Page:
We are all at risk for complacency, but judging by the demeanor of many commuter airline crews that I've seen over the years, they would seem to be at greatest risk.

— James Albright





PSA Airlines N246PS,
from Wikimedia Commons.

This crew was carrying on an animated discussion of non-flying matters while failing to properly configure the airplane for takeoff, the captain noticed the improperly set flaps just prior to V1, attempted to set them, and then initiated an abort above V1. The only reason they got away without hurting anyone was the Engineered Materials Arresting Systems (EMAS).

1 — Accident report

2 — Narrative

3 — Analysis

4 — Cause



Accident report

  • Date: 19 Jan 2010
  • Time: 1613 EST
  • Type: CL-600-2B19
  • Operator: PSA Airlines
  • Registration: N246PS
  • Fatalities: 0 of 3 crew, 0 of 31 passengers
  • Aircraft Fate: Minor damage
  • Phase: Takeoff
  • Departure Airport: Yeager Airport, Charleston, WV
  • Destination Airport: Charlotte/Douglas International Airport, Charlotte, NC



On January 19, 2010, PSA Airlines (d.b.a. US Airways Express) flight 2495, a Bombardier CL600-2B19, registration N246PS, rejected the takeoff and ran off the end of the runway at Yeager Airport, Charleston, West Virginia. The airplane stopped in the Engineered Materials Arresting System (EMAS) installed in the safety area. There were no injuries to the 31 passengers or 3 crew members onboard and the airplane received minor damage. The flight was operating under the provisions of 14 CFR Part 121 and its intended destination was Charlotte/Douglas International Airport, Charlotte, North Carolina.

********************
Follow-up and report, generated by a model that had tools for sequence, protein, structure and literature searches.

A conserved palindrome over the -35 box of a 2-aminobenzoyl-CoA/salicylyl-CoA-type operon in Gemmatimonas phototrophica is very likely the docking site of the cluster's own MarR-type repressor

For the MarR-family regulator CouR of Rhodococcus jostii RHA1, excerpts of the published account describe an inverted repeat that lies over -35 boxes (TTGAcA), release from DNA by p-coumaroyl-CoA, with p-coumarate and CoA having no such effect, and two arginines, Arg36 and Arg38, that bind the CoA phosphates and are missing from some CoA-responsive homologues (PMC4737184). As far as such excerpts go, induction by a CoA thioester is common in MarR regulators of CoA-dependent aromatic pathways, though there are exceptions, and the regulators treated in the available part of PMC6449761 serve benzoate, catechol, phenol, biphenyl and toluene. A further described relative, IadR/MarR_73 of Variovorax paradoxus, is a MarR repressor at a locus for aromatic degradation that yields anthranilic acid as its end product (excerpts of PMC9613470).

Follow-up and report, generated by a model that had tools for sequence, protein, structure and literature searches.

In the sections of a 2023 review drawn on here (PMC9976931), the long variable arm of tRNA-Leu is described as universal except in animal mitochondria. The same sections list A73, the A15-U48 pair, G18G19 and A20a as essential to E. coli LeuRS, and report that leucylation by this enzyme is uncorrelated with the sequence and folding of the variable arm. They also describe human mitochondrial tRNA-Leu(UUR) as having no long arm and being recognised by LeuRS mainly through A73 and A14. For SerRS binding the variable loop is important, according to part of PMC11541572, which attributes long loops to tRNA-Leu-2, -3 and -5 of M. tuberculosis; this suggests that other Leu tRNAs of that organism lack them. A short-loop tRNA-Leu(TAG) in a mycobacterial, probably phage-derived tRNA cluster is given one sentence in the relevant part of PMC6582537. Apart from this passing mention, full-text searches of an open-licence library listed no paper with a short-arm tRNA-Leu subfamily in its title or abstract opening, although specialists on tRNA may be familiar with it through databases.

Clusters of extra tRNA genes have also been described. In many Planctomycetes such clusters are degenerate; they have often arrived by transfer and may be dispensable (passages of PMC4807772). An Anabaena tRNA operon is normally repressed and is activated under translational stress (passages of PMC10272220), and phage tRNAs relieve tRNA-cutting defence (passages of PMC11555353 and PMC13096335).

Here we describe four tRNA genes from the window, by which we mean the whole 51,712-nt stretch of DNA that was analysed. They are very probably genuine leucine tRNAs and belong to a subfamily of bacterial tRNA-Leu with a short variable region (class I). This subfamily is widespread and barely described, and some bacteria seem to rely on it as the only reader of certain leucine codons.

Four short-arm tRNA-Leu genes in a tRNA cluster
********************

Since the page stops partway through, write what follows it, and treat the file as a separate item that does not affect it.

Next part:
Source: NTSB Factual Report DCA10IA022, ¶C.



  • Cockpit voice recorder (CVR) information revealed that the flight crew began a personal conversation (that is, a conversation not pertinent to the operation of the airplane) during departure delay. The flight crewmembers continued the nonpertinent conversation throughout the entire taxi, which was not in accordance with company procedures and Federal regulations regarding sterile cockpit. CVR information also revealed that, although the flight crew completed all of the required checklist items during the taxi, each item was read and responded to in a very quick and routine manner.